The City Council will vote on entering into exclusive negotiations agreement with a developer for affordable housing at one of two sought-after sites.
According to a staff report, the city would work with National Community Renaissance of California in connection with 280 N. Ramona St., a vacant lot that was once considered for a Water and Power Department building.
The property is frequently discussed with efforts to develop the site of the famed Julia Morgan YWCA building, located nearby at Holly Street and North Marengo Avenue.
“Based on staff’s and KMA’s review, staff recommends that the City enter into exclusive negotiations with National Community Renaissance of California (NCRC) based on the comparative strength of this developer’s proposal,” according to a city staff report.
According to its proposal, National Community Renaissance of California, is offering a 112-unit senior housing project in a five-level building, with 50 on-site parking spaces. Forty-nine percent of the units would be for very low-income residents.
If the council approves the recommendation, the initial negotiation period would last six months. The city manager has the discretion to increase the negotiation period by two six-month extensions.
The developer would be required to submit documentation on its development team, financial capacity, and other disclosures as may be required by the city.
Conditions of the project transaction, including the disposition of the property, environmental requirements, project concept, scope of development, schedule of performance, financing plan, city financial assistance, city policies and regulations, and other items would be laid out in a development agreement between NCRC and the city.
The negotiated development agreement will be brought back to the City Council for approval.
The developer has an existing relationship with the city.
NCRC develops and manages Pasadena’s Marv’s Place, a 20-unit permanent supportive housing project for families named in honor of Marvin Gross, former head of Union Station Homeless Services.
NCRC and their service provider partner, Union Station, have helped the tenant households, who were all formerly homeless, stabilize their lives and make significant progress in the area of employment. Those efforts have led to an increase in household income, decreasing the level of rental subsidies.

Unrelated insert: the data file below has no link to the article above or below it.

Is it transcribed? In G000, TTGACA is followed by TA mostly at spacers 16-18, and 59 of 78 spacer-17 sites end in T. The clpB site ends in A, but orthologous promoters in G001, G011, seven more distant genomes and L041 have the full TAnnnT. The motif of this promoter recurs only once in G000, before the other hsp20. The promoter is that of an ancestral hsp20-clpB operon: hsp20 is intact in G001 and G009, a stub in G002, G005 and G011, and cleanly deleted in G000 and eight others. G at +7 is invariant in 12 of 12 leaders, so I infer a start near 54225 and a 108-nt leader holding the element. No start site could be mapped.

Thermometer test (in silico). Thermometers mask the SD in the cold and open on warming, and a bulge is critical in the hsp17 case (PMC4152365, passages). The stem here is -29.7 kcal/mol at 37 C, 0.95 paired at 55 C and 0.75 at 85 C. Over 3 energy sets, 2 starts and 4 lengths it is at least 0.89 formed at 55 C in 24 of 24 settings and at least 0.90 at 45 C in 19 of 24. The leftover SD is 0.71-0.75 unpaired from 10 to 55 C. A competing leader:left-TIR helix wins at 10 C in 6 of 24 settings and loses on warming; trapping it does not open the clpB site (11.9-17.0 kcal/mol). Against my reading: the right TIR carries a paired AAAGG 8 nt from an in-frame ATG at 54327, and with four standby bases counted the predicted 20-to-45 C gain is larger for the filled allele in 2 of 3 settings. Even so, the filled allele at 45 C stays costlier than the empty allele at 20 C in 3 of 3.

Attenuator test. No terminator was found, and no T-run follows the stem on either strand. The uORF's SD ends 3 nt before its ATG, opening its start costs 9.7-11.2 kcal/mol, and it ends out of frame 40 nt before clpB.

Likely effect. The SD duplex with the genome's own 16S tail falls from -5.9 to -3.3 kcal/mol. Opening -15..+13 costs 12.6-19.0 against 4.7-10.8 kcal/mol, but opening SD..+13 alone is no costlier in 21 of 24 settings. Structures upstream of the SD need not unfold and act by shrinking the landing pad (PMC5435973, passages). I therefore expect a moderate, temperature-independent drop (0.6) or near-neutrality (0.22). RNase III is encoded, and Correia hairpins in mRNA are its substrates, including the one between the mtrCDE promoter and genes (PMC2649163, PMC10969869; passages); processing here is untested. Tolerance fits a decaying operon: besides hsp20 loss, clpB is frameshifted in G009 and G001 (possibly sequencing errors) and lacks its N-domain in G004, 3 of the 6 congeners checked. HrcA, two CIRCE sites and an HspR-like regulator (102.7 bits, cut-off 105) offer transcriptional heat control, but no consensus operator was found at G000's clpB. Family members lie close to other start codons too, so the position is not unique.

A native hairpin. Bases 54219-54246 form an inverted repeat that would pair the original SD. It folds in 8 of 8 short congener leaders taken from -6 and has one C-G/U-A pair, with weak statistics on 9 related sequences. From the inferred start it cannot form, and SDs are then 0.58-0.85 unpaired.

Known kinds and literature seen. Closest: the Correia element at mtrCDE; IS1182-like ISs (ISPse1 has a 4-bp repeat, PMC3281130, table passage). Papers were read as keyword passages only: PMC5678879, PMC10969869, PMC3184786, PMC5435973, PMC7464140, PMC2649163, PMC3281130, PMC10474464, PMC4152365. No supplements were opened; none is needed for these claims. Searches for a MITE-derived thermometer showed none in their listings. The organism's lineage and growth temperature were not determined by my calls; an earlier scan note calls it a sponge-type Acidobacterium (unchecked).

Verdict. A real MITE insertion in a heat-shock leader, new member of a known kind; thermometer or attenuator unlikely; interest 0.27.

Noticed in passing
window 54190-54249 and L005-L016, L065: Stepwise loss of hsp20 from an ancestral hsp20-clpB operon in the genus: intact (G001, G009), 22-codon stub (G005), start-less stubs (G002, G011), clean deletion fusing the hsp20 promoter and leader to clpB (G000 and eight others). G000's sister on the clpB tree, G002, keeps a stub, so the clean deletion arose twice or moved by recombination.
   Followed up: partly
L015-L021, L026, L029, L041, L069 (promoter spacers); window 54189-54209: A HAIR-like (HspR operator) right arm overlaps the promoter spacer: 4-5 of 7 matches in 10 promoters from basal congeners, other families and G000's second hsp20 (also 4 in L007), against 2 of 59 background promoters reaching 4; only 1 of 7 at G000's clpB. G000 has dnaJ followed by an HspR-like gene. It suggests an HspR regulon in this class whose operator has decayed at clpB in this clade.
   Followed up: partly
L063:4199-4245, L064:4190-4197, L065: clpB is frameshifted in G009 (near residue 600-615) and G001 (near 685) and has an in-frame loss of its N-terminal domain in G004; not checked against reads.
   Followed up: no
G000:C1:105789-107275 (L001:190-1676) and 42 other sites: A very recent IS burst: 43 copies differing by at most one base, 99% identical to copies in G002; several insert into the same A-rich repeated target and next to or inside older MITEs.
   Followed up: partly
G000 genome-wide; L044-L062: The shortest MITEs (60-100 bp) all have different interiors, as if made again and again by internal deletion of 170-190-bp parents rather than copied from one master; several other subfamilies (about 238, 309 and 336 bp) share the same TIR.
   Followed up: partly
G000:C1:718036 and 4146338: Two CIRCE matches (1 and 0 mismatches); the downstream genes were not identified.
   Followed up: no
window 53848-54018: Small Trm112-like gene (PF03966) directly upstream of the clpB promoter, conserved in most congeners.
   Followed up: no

One of the largest nonprofit affordable housing development corporations in the country, with a portfolio of nearly 9,000 affordable apartments in five states, NCRC has been responsive to tenants, neighbors, and the city when questions or issues have arisen.
The recommendation comes just less than a month after local residents and the city’s Planning Department heard proposals from five developers to re-imagine the two sites in Centennial Plaza.
The plans were presented in a “virtual community forum” Zoom meeting moderated by Planning Department Director David Reyes a full 10 years after the city obtained the sites by eminent domain.
The city originally issued a request for proposal (RFP) for the rehabilitation and adaptive reuse of the former YWCA building, at 78 N. Marengo Ave. But, in 2020, as the city was proceeding with the RFP, a state law related to affordable housing compelled the city to pause the process and issue a notice of availability (NOA) to a broader set of affordable housing developers, thus opening the door to possible hotel development.
In April of 2017, the City Council shot down a plan by Kimpton Hotels for a luxury boutique hotel project in the Civic Center, after the developers asked for an economic subsidy plan to provide 50 years of free rent along with 136 city-owned parking spaces for the duration of the entire lease to the developers in order for them to continue with the project.